The 43rd Division, which was to use two small echelons in the initial landings, continued its preparations at Koli Point. The first echelon consisted of division headquarters, the 1st and 2nd Battalion teams of the 103rd Regimental Combat Team, the 43rd Cavalry Reconnaissance Troop, the 3rd (Marine) Raider Battalion, a detachment of the 11th (Marine) Defense Battalion, and the 43rd Signal Company. It assembled on the beach on 19 and 20 February. At 0530 on 20 February loading of the LCT’s was begun, and by 1600, when the landing craft, destroyers, mine sweepers, and destroyer-transports were loaded with troops, supplies, weapons, and ammunition, the Amphibious Force was ready to sail.
CLEANSLATE was more a shore-to-shore than a ship-to-shore operation. The destroyers, mine sweepers, and destroyer-transports were loaded with men and materiel, but they also towed fully loaded landing craft. Ten of the ships towed one LCM (landing craft, mechanized), two LCP’s (landing craft, personnel) and one LCV (landing craft, vehicle) each; two ships towed two LCV’s and two LCP’s each, and one ship towed one LCV and one LCP. A tug towed the barge, and the LCT’s proceeded under their own power. The movement to the Russells was uneventful.
Early in the morning of 21 February, about ten miles east of the Russells, the Amphibious Force divided into three groups, each of which proceeded to a separate beach to land the troops in accordance with tactical plans previously prepared by Admiral Turner and General Hester. Plans for a preliminary bombardment by the destroyers, mine sweepers, and destroyer-transports had been prepared, but the absence of the Japanese made naval gunfire unnecessary. By 0530 all landing craft had cast their tows loose and were closing in toward the assigned beaches, and at 0600 the assault waves went ashore unopposed.
The plans were executed in accordance with the original schedules without hindrance from the Japanese. Headquarters and the 1st Battalion Team of the 103rd Regimental Combat Team, the 43rd Signal Company, the 11th Defense Battalion detachment, and 43rd Division headquarters landed at Yellow Beach at Wernham Cove at the southern end of Banika. The 2nd Battalion Team of the 103rd and the 43rd Cavalry Reconnaissance Troop landed on Blue Beach on the north and south coasts of Renard Sound on Banika.
The 3rd Raider Battalion landed from the destroyer-transports at Red Beach and Paddy Bay at Pavuvu. Patrols immediately pushed inland, but found no Japanese. The engineers patrolled to find drinking water, a more pressing problem than the enemy. By 1800 all elements of the landing force could communicate by telephone; wire crews had put a telephone line across Sunlight Channel to connect Banika with Pavuvu. By 1900 the troops had dug themselves into defense positions, and outposts and observation posts had been established.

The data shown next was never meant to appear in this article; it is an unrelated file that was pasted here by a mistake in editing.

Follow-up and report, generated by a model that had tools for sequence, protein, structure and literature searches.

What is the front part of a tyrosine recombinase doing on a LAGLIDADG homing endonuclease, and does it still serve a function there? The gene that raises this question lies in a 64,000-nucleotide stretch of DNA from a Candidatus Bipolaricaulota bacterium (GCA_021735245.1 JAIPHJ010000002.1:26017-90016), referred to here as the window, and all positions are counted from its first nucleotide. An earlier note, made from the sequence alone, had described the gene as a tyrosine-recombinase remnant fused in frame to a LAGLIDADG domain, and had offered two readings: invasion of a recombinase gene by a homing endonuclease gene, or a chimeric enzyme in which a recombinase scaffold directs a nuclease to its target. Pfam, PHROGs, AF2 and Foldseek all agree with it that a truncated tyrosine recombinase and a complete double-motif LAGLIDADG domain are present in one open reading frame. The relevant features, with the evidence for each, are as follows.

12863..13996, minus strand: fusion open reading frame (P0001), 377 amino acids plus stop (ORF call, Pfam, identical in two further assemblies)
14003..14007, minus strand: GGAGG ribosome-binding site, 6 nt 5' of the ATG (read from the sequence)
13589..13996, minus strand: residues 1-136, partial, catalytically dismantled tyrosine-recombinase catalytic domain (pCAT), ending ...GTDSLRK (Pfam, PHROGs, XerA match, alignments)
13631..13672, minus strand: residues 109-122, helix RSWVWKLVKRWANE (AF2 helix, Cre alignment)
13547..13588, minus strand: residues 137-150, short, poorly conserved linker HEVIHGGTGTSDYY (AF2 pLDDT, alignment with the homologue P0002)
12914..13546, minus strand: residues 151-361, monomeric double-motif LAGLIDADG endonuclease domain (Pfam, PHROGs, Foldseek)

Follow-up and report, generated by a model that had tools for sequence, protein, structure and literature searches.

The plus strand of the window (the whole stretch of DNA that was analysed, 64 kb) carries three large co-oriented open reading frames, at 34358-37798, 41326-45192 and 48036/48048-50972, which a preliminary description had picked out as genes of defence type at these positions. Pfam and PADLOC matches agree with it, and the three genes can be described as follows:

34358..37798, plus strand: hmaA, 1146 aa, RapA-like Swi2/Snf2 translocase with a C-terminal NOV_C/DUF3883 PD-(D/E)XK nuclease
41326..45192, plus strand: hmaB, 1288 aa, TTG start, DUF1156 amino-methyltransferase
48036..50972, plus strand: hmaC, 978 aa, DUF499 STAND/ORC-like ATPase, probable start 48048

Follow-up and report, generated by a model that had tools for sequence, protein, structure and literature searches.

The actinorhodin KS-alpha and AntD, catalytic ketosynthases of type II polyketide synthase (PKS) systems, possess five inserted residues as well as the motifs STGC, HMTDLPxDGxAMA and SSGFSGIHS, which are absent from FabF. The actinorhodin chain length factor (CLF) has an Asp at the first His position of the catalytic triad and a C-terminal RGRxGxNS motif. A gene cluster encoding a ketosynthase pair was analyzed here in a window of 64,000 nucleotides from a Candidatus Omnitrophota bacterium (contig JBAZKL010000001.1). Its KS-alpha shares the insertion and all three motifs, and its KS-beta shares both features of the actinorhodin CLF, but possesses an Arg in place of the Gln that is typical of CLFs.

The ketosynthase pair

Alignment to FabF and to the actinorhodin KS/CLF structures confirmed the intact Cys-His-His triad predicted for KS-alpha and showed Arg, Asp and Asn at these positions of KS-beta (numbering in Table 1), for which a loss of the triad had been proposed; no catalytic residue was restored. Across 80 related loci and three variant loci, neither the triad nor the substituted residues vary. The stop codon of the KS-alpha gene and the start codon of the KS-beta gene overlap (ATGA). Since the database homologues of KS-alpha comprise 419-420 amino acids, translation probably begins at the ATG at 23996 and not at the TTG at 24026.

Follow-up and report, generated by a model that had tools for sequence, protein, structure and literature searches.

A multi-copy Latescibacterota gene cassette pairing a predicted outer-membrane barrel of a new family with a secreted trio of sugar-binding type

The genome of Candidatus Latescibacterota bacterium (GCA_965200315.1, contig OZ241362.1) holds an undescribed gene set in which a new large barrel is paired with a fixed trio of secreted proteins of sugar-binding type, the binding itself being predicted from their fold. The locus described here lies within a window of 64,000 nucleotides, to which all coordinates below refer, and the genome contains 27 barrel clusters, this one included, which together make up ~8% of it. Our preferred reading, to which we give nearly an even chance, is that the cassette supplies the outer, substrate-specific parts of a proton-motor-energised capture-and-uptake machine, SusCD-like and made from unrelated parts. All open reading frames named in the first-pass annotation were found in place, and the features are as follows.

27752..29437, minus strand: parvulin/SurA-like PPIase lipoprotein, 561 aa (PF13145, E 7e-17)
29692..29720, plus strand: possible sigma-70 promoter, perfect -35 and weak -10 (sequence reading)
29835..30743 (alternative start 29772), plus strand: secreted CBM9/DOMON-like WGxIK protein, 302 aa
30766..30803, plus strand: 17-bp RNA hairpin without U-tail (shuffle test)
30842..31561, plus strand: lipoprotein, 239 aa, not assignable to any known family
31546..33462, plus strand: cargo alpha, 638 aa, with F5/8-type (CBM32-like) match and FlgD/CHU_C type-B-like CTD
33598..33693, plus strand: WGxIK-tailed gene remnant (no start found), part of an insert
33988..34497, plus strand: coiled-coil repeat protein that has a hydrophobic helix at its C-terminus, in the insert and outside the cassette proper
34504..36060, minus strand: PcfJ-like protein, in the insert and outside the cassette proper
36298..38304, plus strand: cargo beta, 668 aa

Logistical operations at the beaches were progressing in a satisfactory manner. The invasion had been effected under radio silence; the enemy air and naval forces had not interfered, and the unloading had not been interrupted. The commanders had emphasized the necessity for unloading rapidly and moving the supplies inland to keep the beaches clear. About one-third of the landing force had been assigned to unload the ships and landing craft. Ship unloading details numbered eighty men per reinforced battalion; forty-five men were assigned to each LCT. The beach parties, besides naval elements, consisted of 200 soldiers or marines per reinforced battalion. By 1000 all craft except the barge had been unloaded and fifteen days’ supply of B rations, ten days’ supply of C rations, five days’ of D rations, five units of fire, and thirty days’ supply of gasoline had been landed. The ships and landing craft withdrew to Guadalcanal to embark the second echelon.
The destroyers, mine sweepers, destroyer-transports, and landing craft returned the next morning (22 February) to land the 169th Regimental Combat Team at Paddy Bay and Beach Yellow. Throughout the rest of February LCT’s transported the remainder of the 43rd Division (less the 172nd Regimental Combat Team) from Koli Point to the Russells. By the end of the month a force of 9,000 men had landed in the islands. By 16 March 15,669 troops of all services had reached the Russells. Beach and antiaircraft defenses, including long-range and fire-control radar, 155-mm. guns, 90-mm., 40-mm., and other antiaircraft guns had been established. The Japanese never attacked the Russells by sea, although they launched frequent air raids.
The first evidence that the Japanese were aware of the occupation was an air raid on 6 March. As the Russells had been under radio silence, radars had not alerted the islands, but the damage from the raid was slight. Thereafter the Japanese continued to bomb the Russells by day and night, but the radars alerted the troops in time, and fighters from Guadalcanal usually drove the enemy off until the airfields in the Russells were completed. By 16 April supplies had reached the prescribed levels—sixty days of most types, ten units of fire for field and seacoast artillery, and fifteen units for antiaircraft artillery—and the command of the Russells passed from Admiral Turner to the commanding general of the XIV Corps.
Construction of roads, airfields, and boat bases had begun in February, and by 15 April the first of the two airfields on Banika was ready for operation. Surfaced with rolled coral, it was then 2,300 yards long and 100 yards wide. The torpedo boat base at Wernham Cove had gone into operation on 25 February and by 15 February three landing craft bases were operating. The Allied base in the Russells was ready to support further advances northward.
Source: Guadalcanal: The First Offensive ; BY: John Miller, Jr. (United States Army Center of Military History)